Check out these top green living stories of the past day or so:
- 10 Friday Photos
- 7 Green Bloggers
- Architecture & Design
- Art and Photography
- Books, Literature
- Climate Change
- Community & Culture
- Cool Your Green Mind Monday
- Dirty Energy & Fuel
- Disasters & Extreme Weather
- Green Jobs
- Green Your Life
- Policies & Politics
- Press Releases
- War & Conflict
Some top green living stories of the day, starting with the solar-powered Icare Twike:
Some top green living stories from the past few days:
Here are 7 good green living stories of the last day or so. Check ’em out:
Here’s a great video of DC’s highly successful bike-sharing program by the talented filmmakers at Streetfilms (love those guys and girls). Afterwards, you can check out my ‘daily’ roundup of top green living stories from around the internet.
Greenpeace has a pretty huge campaign geared at getting Volkswagen (VW) to drop it’s anti-climate-action efforts that I’ve covered a couple times now.
Just ran across this great infographic on bicycling facts and the future of bicycling on our sister site sustainablog and, of course, wanted to share it on here. It’s the feature green living “story” of the day. The infographic is from our friends over at Well Home Energy Audit. Check it out and enjoy!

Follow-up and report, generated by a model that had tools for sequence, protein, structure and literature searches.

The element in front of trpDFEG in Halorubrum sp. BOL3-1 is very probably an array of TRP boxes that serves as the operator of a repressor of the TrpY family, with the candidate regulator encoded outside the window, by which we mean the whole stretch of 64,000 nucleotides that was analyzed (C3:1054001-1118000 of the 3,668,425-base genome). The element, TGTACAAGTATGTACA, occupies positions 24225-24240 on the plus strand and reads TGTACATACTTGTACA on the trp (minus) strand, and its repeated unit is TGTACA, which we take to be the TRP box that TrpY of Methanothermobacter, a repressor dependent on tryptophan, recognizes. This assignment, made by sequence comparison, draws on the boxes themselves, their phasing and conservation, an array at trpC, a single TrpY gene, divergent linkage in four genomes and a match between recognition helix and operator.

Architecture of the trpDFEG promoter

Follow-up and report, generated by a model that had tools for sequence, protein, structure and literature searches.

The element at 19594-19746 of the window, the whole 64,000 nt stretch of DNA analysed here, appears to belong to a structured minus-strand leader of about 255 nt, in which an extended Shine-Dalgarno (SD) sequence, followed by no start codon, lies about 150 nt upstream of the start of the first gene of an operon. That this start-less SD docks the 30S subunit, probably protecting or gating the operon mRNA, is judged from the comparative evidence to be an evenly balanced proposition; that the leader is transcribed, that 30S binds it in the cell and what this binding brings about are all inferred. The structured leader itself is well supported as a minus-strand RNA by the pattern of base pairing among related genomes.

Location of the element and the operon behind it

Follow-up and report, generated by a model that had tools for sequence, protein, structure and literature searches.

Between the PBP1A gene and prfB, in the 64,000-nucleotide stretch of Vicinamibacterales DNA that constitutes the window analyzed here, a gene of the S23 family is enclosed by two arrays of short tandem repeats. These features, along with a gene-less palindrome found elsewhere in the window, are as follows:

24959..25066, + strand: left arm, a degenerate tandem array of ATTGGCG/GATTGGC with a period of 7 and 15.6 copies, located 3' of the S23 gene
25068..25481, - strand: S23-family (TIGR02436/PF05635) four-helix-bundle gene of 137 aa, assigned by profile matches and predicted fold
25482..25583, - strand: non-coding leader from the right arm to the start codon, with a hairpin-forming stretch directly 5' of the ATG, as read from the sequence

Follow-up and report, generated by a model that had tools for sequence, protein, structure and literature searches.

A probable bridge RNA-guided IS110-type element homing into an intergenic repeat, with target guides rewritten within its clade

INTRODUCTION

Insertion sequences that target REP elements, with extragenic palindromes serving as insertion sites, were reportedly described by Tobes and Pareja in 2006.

Food is something we don’t write about a lot here on Planetsave, leaving that more to our sister site Eat Drink Better. But it’s a critical part of a green life. Think about how much food you eat and compare that to how many clothes you buy or how many other products you buy…. There’s no comparison.
Food is a huge part of our environmental footprint. Livestock, alone, account for somewhere between 18% and 51% of greenhouse gas emissions worldwide, depending on who you ask. They contribute to a number of other water and environmental quality problems as well. Plus, they use a huge amount of our limited freshwater. Food is also transported all over the world, using tons of energy and creating tons of emissions, and it is packaged in environmentally unfriendly plastic and paper products. So, the question is, can you be an environmentalist if you don’t green your diet? (And, what exactly qualifies as greening your diet anyway?)
Cities around the world have blossoming bike sharing programs. But unlike blossoming flowers, these programs will both make people smile AND reduce their allergies. How, exactly? Well, increasing allergies is one predicted (and I think already occurring) result of global climate change. And bicycling for transportation purposes is one of the best options for combating climate change.